Can police officers examine a person’s cell phone if they don’t have a search warrant?  That’s the question on which the U.S. Supreme Court is set to make a decision sometime this month. Some Illinois police departments are already asking for warrants if they feel a need to search a phone for evidence of a crime, says Sgt. Mark Folkenroth of the Quincy Police.

 “It’s still kind of up in the air. It’s really a gray area in law enforcement, so if we get a search warrant, we’re pretty much guaranteed that what we’re doing is legitimate,” he said.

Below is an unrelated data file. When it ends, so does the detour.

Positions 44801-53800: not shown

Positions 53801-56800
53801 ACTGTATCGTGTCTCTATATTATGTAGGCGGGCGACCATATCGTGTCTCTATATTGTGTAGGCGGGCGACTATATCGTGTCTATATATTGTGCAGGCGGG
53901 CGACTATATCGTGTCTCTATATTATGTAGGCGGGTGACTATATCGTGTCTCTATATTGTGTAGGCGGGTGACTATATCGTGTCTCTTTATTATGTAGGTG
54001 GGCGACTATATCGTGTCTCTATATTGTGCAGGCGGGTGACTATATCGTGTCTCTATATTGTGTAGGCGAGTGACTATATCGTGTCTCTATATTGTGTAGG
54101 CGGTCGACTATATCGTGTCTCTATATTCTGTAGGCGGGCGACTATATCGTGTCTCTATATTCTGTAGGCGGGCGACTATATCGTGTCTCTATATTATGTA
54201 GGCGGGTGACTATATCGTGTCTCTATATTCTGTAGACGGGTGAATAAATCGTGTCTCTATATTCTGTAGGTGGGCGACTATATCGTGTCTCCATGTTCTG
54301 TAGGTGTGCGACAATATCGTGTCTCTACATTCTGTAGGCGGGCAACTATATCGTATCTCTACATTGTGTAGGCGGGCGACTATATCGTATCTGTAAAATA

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He says he always gets a warrant before searching someone’s phone, to ensure that any evidence found will be admissible in court.

Privacy advocates believe that cops searching phones without a warrant is an invasion of privacy, because the phones contain or have access to banking records, e-mails, videos and pictures.

The Supreme Court justices are expected to decide the issue by the end of this month.  The cases are United States vs. Wurie and Riley vs. California.

(Copyright WBGZ Radio / www.AltonDailyNews.com)